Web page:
Malaysian media outlet Malaysiakini and its editor-in-chief Steven Gan are facing a contempt of court charge over comments left by readers on one of its articles.
The charge was filed by Malaysian Attorney-General Tan Sri Idrus Harun and has received consent from the Federal Court bench, New Strait Times reported.
Idrus initiated the contempt proceedings over five readers’ comments to an article titled “CJ orders all courts to be fully operational from July 1”, published by Malaysiakini on June 8.
He alleged that the comments had “clearly meant that the judiciary committed wrongdoings, is involved in corruption, does not uphold justice and compromised its integrity.”
“These comments threaten public confidence in the judiciary and are clearly aimed at tarnishing the administration of justice by the judiciary,” Idrus said as quoted by Malaysia Today.
Senior federal counsel Alice Loke Yee Ching, who appeared for Idrus, said Malaysiakini had allowed the “derisive” and “embarrassing” comments to be posted on the comment section of its site.
Loke argued that, according to Section 114A of the Malaysian Evidence Act, a person who facilitates to publish or republish the publication is presumed to have published or re-published the contents.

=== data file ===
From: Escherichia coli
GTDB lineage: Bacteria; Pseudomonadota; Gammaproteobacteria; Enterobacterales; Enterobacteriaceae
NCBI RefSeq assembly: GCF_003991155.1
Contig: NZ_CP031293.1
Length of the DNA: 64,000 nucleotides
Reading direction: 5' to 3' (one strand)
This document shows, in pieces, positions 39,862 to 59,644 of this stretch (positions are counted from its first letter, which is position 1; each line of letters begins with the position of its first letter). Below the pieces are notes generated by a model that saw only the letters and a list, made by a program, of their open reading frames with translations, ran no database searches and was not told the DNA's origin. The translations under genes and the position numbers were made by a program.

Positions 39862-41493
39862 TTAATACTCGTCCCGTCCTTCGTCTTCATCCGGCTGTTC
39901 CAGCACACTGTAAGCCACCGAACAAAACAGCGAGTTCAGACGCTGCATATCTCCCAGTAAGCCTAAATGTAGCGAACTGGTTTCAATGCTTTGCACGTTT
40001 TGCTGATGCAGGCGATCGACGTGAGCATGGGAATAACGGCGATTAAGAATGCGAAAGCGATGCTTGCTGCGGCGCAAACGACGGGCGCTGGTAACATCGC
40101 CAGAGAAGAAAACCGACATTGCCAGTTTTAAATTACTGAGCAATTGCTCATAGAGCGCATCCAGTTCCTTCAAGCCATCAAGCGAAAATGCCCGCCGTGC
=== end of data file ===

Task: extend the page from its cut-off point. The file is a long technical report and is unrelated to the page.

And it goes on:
“I am mortified to even read the statements. It is embarrassing and there is only one conclusion to it which is derisive, an indirect attack to the Chief Justice, judge and the judiciary as a whole and it would result in eroding public confidence in the judiciary.” Loke said as quoted by New Strait Times.
“The statements are also very personal, scurrilous, an unwarranted attack and embarrasses the judiciary that exposes the judiciary to public scandal and contempt,” she said, adding that it was irrelevant for the respondents to say they had no intention or lack knowledge on that matter.
After the incident, Malaysiakini has disabled the comment sections on its site.
Steven Gan said that the case was currently being investigated under the Communications and Multimedia Act of 1998 as well as the Penal Code.
The hearing for the case is set to take place on July 2.
The International Federation of Journalists (IFJ) has condemned the Federal Court decision.
“IFJ condemns the filing of application by the Attorney General to bring the case to the court and the decision of the Federal Court. IFJ urges authorities to drop the case and respect press freedom and freedom of speech,” IFJ said in a statement.